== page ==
The gay brief states that ballot measures, such as Referendum 71, lead to increased harassment and violence against LGBT people, not petition signers. It said proponents of Referendum 71 did not produce facts to support their claims that petition signers had been subject to any systematic harassment or intimidation. And it said Protect Marriage’s claims that petition signers were being harassed was just another political tactic by the anti-gay activists both in Washington and in California.

“When subjecting a minority group to political attack, a common tactic is to claim that the minority is itself the aggressor from whom protection is required,” stated the gay brief.

The gay brief was filed by Lambda Legal Defense and Education Fund, Gay and Lesbian Advocates and Defenders, and the National Center for Lesbian Rights, along with the Human Rights Campaign and the National Gay and Lesbian Task Force.

Washington State Attorney General Robert McKenna mentioned the “Lambda brief” during his time before the court Wednesday. He noted the brief detailed how a similar public disclosure law in Massachusetts had enabled “more than 2,000” citizens to discover and report that their signatures had been improperly attributed to a petition seeking a ballot measure to repeal a marriage equality law in that state in 2006.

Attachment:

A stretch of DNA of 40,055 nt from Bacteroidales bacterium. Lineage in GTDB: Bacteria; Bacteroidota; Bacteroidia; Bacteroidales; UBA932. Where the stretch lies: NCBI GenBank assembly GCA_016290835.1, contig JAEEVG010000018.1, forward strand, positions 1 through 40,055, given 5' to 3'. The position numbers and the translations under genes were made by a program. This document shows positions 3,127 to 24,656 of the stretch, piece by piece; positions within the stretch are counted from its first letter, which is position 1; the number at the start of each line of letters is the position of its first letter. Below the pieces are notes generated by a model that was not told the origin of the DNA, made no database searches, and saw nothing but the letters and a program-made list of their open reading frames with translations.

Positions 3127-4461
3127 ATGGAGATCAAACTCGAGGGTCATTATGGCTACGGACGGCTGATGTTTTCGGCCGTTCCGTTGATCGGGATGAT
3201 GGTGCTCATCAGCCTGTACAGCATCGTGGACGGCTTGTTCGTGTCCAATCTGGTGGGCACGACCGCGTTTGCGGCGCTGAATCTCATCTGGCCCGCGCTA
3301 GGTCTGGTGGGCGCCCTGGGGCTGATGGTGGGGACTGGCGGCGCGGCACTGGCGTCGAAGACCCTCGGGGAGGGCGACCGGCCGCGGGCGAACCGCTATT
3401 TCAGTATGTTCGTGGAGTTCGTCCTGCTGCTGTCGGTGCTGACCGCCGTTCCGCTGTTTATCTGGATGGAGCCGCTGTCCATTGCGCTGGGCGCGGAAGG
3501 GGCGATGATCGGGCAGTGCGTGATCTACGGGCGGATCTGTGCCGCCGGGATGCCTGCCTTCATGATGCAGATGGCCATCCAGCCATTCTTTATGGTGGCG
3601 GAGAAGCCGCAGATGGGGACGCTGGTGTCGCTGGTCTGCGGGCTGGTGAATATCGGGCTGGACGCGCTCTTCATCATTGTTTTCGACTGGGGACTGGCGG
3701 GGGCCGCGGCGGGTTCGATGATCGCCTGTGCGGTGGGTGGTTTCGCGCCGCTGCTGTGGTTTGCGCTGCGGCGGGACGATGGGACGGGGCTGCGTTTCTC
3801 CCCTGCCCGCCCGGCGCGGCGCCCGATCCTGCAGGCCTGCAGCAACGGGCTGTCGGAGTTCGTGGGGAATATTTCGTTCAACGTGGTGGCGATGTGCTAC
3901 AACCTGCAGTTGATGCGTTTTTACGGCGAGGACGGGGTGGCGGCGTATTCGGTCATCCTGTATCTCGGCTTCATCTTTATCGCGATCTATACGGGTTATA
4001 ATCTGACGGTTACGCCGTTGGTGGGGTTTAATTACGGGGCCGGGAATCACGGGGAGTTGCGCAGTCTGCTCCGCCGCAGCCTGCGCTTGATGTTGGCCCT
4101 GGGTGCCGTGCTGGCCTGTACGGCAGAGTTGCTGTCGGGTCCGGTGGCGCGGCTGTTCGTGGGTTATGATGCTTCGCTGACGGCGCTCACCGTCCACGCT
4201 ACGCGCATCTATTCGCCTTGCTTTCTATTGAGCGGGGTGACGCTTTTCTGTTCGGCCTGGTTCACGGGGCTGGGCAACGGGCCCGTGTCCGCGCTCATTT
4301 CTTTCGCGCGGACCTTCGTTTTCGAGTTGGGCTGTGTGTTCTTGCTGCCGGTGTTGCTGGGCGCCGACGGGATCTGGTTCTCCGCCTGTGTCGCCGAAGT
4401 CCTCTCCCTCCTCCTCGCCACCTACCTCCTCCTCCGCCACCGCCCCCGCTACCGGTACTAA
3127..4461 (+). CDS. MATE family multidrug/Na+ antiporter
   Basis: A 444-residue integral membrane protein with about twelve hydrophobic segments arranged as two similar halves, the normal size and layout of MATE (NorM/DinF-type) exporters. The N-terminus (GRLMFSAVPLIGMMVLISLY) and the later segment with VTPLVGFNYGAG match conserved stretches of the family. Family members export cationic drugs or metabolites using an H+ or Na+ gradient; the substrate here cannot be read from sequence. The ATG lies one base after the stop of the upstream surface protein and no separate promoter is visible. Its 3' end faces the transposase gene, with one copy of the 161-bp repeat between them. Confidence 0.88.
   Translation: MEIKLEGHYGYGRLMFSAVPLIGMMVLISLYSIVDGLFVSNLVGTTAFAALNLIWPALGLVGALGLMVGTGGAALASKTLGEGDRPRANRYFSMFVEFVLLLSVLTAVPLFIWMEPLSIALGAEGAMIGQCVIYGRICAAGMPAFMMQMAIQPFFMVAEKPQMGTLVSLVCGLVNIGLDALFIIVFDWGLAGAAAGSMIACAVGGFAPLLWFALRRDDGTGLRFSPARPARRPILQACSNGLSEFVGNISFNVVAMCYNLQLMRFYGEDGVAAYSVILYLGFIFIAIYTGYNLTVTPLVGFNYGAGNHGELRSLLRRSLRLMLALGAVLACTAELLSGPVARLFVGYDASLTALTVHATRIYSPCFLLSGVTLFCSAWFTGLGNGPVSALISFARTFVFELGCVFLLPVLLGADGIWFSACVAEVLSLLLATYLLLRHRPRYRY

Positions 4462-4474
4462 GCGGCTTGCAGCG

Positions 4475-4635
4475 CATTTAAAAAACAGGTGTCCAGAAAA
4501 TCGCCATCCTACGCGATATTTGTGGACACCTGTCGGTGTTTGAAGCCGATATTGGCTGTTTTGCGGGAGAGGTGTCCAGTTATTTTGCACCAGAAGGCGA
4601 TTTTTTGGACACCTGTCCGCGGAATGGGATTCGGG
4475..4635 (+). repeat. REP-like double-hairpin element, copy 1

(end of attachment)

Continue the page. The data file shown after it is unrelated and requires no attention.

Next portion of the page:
The Lambda brief said that keeping petition signatures as part of the public record provides a “much needed procedural check” on initiatives seeking to take away rights of minorities and that it helps prevent fraud in election.

According to Justice Ginsburg, about 20 states have laws similar to Washington State requiring public disclosure of petition signers for ballot measures.